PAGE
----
The frustrations of discretion
Pardon the play on words, but sometimes, this spanky stuff is a pain in the ass.
I am not ashamed of Erica Scott. However, I’m not naive and I’m no fool. I know that, in a great percentage of the population, the Erica Scotts and her fellow kinkoids of this world are considered freaks. And therefore, a degree of discretion and anonymity must be maintained. Out of respect for my family, my friends who have vanilla careers, etc., etc., I have to disassociate from them to a large degree. Names cannot be mentioned, or pertinent details. Because to be associated with me would bring embarrassment to them, and judgment onto me. And no one needs that crap.
But DAMMIT… sometimes, it’s so hard keeping quiet. Especially when I’m bursting with excitement and pride over something that is happening with someone who knows and loves Erica [real name], but has no awareness of her alter ego. And I want to keep it that way.
My cousin, the TV producer I’ve mentioned many times over the years and in my book, has published a bio. I have already read it, since he sent me an advance copy. There’s been a lot of buzz about it, and now the buzz is a roar, with interviews and columns and photos. Granted, the millennials don’t know who he is, anyway. But still, to many, his name is iconic.
My father is mentioned often in his book; there’s even a picture of him. In all the bits and pieces of interviews I’ve seen so far, my father is in them. So I am doubly proud — my cousin has had an amazing career, and my father did too. I don’t want either of them to be forgotten. I want to do all I can to keep their names and legacies alive.
But I can’t. Because if I mention a name just once, it’s on the Internet forever, associated with me. The next time someone Googles my cousin, listed in the gazillions of hits will be his mention in a “porn star’s blog.”
I suppose if I really wanted to, I could build a whole other online presence, with my real name, no pictures of me, and write about my family. But 1. I really don’t have the time for that, and 2. who would read it? No one knows who Erica [real name] is. And I don’t want the two entities to combine, even in a slight blur.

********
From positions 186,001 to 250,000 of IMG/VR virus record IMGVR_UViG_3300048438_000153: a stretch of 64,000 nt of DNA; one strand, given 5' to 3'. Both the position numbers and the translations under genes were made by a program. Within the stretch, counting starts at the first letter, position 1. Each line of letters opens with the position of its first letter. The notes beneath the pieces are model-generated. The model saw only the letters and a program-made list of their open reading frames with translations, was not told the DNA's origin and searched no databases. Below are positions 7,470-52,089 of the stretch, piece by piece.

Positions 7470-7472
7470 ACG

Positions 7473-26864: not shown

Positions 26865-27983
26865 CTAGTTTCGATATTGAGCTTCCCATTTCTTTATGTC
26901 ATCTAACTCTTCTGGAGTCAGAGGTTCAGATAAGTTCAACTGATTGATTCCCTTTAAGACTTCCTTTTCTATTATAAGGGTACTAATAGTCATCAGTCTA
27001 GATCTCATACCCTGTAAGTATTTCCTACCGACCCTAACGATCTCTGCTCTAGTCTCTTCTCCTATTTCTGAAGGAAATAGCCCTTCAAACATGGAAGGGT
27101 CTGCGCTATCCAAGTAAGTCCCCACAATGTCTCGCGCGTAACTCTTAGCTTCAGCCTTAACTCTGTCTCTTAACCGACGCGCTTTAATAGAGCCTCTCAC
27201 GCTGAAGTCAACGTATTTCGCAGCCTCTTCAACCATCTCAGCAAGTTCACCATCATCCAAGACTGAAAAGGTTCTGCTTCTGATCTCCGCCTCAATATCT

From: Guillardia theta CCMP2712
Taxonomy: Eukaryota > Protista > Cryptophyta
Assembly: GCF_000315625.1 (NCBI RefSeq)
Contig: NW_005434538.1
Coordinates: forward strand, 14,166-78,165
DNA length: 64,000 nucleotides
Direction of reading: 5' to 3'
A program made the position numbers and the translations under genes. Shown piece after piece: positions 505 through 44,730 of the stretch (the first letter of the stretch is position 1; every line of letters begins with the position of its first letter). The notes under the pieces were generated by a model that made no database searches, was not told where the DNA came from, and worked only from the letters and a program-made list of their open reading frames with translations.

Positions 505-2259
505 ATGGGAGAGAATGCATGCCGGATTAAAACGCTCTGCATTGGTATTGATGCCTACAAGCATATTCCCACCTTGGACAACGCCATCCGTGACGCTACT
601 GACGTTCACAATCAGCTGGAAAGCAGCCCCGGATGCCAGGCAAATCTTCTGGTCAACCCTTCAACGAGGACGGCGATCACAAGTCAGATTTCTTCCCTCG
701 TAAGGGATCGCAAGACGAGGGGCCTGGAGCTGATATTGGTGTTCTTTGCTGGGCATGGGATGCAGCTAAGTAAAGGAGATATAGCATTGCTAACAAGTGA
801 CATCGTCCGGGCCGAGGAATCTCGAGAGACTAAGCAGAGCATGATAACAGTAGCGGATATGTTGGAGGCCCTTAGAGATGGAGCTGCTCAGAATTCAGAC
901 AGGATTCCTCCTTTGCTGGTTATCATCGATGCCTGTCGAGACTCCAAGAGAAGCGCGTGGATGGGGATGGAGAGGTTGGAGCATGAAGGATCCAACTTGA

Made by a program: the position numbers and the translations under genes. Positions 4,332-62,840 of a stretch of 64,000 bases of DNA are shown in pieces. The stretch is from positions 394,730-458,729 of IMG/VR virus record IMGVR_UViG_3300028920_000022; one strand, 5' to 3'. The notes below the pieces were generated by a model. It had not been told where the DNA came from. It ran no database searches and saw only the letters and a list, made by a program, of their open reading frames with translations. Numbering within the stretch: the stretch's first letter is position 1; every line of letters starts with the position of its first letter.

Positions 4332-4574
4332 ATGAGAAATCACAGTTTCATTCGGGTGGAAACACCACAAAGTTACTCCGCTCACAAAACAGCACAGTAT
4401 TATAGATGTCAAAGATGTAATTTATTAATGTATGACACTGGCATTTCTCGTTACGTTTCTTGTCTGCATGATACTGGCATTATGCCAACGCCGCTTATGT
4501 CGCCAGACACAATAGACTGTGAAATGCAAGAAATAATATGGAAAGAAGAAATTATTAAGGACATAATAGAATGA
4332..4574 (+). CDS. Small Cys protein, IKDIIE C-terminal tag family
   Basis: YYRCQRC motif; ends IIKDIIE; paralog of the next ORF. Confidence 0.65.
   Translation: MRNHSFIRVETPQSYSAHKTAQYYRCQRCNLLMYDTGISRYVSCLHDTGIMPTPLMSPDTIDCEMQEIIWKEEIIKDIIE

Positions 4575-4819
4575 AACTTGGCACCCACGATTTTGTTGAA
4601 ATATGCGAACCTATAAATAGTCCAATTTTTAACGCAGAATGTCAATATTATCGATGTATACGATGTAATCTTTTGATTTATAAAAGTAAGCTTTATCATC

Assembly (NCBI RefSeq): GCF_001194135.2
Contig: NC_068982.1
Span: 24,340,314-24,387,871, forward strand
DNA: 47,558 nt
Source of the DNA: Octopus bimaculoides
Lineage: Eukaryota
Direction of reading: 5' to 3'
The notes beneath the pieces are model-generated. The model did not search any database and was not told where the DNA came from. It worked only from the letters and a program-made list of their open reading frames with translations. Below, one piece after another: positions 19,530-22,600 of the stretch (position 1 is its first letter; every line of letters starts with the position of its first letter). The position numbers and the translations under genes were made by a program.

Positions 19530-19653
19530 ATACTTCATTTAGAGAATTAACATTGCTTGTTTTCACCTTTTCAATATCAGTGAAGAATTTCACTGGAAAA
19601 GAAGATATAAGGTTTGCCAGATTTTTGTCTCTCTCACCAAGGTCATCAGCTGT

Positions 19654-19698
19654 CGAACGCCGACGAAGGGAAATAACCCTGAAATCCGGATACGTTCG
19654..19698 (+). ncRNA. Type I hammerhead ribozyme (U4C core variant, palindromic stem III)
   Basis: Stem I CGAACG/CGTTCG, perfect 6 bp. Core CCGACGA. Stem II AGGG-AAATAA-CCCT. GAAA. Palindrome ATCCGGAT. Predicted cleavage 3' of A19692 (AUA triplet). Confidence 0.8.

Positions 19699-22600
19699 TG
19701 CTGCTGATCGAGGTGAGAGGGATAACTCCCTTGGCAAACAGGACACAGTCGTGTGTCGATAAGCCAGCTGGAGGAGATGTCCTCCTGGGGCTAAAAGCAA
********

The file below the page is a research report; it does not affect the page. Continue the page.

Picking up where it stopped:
I need to mention, yet again, my admiration for writer Jillian Keenan. Because not only did she come out as a spanko online, she did so with her real name, and in an article not for a kinky blog or site or whatever, but for the freaking New York Times. That is bravery. That is conviction. And she’s had to deal with a whole lot of backlash over it, too. Her husband was outed in the process and that was very supportive of him as well to be OK with that. I cannot do that.
So I share things with friends, privately. I tamp down my desires to share details. I don’t post the picture of my cousin and me taken two years ago, after my mother passed away and he and I got together. I hint at things, I give sly odds and ends. But never names. Never identifiers.
Tomorrow, I’m going to a belated birthday lunch with my stepmother — yet another person whose presence I wish I could proudly broadcast. But alas, she must remain anonymous too.
There are costs for everything. I am living my life, for the most part, true to myself and my deeply kinky, rebellious and iconoclastic self. But I pay the price by having to be discreet at times when I wish to trumpet with joy.
Not going anywhere in particular with this; just expressing a bit of frustration. Because it really is a drag to have to be concerned about offending loved ones if they’re associated with me. But, again, that’s the price we pay sometimes.